It’s true: The lack of neck craning and sizing people up is refreshing. Jamie Hurly, the dancer on stage earlier, agrees. “Movement and release through dance are powerful healing tools. This space offers a non-judgemental place for people to explore that,” says the 29-year-old yoga teacher, dancer and nanny who’s been sober partying since 2020. “It’s just taking the harmful element [alcohol] out of the original reason why we want to go out – to get dressed up, dance and have fun.”

A tall topless man in an unbuttoned red waistcoat hugs a small, beautiful woman in leather jeans and a chainmail bralet.

Founder Anth Lowther and partner Hailey. Photo: Jackson Bowley

That said, Lucy and I soon head to the bar to do what we usually do in moments of crippling social anxiety: get shots. They’re £2 ginger shots, but we’re desperate for a tequila substitute, and, to be fair, they do have a similarly harrowing kick. In the queue, I get talking to graphic designer Maria, 42, who says the best thing about sober parties is the conversation. “When you drink or take drugs you’re more open, but it’s superficial,” she says. “When you’re sober, you meet people and they actually remember you afterwards. It’s more likely they’ll message you the next day because you connect on a deeper level.”

At 8.15PM, we head to the balcony area overlooking the bar to suss out the spiritual offerings of tarot readings and reiki. The idea of “reiki in the rave” seems too good to pass on, so I settle in for a session with “energy healer” Charlie Moult. As music thumps from the nearby dance floor, I lie down on a blanket. It’s not her preferred atmosphere, she says, but she goes through her usual routine anyway, moving her hands around various parts of my body to unblock my energy as I breathe deeply and intentionally. When it’s over, my hands actually feel twitchy and charged, and there’s what I can only describe as “energy” buzzing around my head.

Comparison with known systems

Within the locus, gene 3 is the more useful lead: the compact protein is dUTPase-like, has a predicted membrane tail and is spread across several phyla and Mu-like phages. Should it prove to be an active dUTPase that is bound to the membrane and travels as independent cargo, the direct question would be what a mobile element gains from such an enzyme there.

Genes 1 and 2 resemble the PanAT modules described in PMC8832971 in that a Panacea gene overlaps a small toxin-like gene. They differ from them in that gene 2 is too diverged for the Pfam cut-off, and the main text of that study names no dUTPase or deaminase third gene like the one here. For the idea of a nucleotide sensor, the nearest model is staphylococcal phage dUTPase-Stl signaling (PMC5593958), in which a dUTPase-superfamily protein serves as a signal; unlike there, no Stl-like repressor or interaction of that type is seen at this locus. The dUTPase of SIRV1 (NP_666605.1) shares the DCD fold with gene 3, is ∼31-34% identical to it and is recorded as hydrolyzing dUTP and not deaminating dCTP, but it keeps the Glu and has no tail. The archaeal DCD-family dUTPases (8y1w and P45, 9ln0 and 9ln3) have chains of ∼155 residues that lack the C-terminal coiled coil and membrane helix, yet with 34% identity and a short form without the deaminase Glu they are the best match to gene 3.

A girl in a brown vest top lying on a blanket. A woman is touching her head and chest performing reiki.

Writer Becky getting reiki in the rave. Photo: Jackson Bowley

Back on the dancefloor, I feel a lot more into the music almost immediately. I wonder whether it’s the reiki, but I’m feeling the lights and the music more. The DJ is playing “Jack” by Breach and I’m experiencing the vibrations so intensely it’s like I’m ever-so-slightly shroomy. Maybe this is just what music on a good sound system feels like? Are drugs a lie? Have I just worked out the world’s biggest scam?

Ruby, a 19-year-old barista, was also able to enjoy herself more after the reiki. “Me and the girl I made friends with said we almost felt drunk,” she says. “And I’d found the dancing hard to get into for the first hour, because I felt so awkward.” This is also Ruby’s first sober night out. The guy she’s dating, who’s “quite spiritual”, invited her and even drove them there and back from Warwickshire specifically. “I was so anxious at the start, but everybody was so lovely, way nicer than drunk people,” she adds. “I made a friend in the first five minutes!”

A photo taken above of a dancefloor filled with people dancing.

Photo: Jackson Bowley